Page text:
Feature: Aftershock - Addressing secondary trauma in a setting mindful of both clients and service providers

Published August 2009 Vol. 13 Issue 7

by Mandy Walker
photos by Adrian DiUbaldo

Barbara molfese sits in her small office at the Boulder Valley Women’s Health Center and remembers a client she counseled about an unintended pregnancy. The young woman, dressed in boys clothing, told Molfese about the incest and sexual assaults she’d experienced beginning when she was just five-years-old.

“You could just feel the pain sitting in a room with her,” said Molfese. “I felt heartbroken for her for the next couple of weeks. Sad, depressed. I just kept seeing her, picturing her in my mind.” Molfese, counseling supervisor and chaplain at the center, knew she was suffering from secondary trauma.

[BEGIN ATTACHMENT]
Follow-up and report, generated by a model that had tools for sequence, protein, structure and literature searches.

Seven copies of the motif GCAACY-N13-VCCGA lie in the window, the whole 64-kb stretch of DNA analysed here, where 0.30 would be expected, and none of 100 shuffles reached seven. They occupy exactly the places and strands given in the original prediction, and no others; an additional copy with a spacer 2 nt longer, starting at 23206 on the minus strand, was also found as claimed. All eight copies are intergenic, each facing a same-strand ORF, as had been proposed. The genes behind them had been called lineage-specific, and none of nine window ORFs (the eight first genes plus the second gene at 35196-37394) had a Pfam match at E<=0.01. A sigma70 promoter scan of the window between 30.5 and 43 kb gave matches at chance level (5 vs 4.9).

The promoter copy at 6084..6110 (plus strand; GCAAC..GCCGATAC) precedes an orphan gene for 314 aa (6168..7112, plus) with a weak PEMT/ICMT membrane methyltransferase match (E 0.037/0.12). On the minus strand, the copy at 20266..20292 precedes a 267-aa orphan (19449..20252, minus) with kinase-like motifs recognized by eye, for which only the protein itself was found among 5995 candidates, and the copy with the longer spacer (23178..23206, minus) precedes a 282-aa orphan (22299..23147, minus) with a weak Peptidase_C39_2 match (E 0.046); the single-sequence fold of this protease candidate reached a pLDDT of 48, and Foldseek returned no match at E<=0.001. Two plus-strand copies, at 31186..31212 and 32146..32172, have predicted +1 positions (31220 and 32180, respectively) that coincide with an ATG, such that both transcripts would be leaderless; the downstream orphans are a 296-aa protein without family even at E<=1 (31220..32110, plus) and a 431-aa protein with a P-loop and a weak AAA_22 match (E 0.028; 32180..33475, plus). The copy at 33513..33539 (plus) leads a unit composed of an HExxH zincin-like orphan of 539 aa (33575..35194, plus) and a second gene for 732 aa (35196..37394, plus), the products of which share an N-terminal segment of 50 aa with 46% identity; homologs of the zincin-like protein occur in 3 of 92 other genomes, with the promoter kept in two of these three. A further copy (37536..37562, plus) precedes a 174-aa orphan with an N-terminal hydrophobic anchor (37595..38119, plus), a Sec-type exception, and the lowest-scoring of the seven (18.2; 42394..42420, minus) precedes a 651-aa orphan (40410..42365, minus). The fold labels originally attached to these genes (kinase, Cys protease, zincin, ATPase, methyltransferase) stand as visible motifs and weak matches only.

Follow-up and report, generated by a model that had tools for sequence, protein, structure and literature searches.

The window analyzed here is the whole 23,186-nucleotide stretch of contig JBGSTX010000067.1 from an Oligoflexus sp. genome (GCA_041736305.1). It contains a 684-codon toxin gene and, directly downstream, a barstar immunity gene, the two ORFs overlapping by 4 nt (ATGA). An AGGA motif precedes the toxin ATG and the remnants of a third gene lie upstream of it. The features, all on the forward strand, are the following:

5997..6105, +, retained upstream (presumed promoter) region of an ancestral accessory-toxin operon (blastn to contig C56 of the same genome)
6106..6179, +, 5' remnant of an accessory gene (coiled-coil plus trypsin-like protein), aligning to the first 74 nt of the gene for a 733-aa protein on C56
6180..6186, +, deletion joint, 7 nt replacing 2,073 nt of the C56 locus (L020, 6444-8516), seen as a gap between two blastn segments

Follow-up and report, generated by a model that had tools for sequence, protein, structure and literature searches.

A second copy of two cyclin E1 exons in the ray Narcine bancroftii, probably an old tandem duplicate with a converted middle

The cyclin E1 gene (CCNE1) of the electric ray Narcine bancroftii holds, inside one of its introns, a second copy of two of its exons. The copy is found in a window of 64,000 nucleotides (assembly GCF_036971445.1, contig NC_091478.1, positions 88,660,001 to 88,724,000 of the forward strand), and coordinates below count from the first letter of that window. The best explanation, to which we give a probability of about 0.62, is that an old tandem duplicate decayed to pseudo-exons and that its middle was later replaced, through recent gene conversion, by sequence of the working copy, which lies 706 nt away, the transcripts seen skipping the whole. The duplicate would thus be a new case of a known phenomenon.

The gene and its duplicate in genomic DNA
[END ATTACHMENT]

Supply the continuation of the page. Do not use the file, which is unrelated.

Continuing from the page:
Like Molfese, Rene Brodeur, program director at the Boulder Shelter for the Homeless, can recall traumatic events, like attempted suicides or violence and the impact they’ve had on him. He also knows there are times when he can’t identify a single specific incident and yet has found himself experiencing secondary trauma.

Rene Brodeur, left, and Janet Walker of the Boulder Shelter for the homeless have a meeting along the trails west of the shelter.

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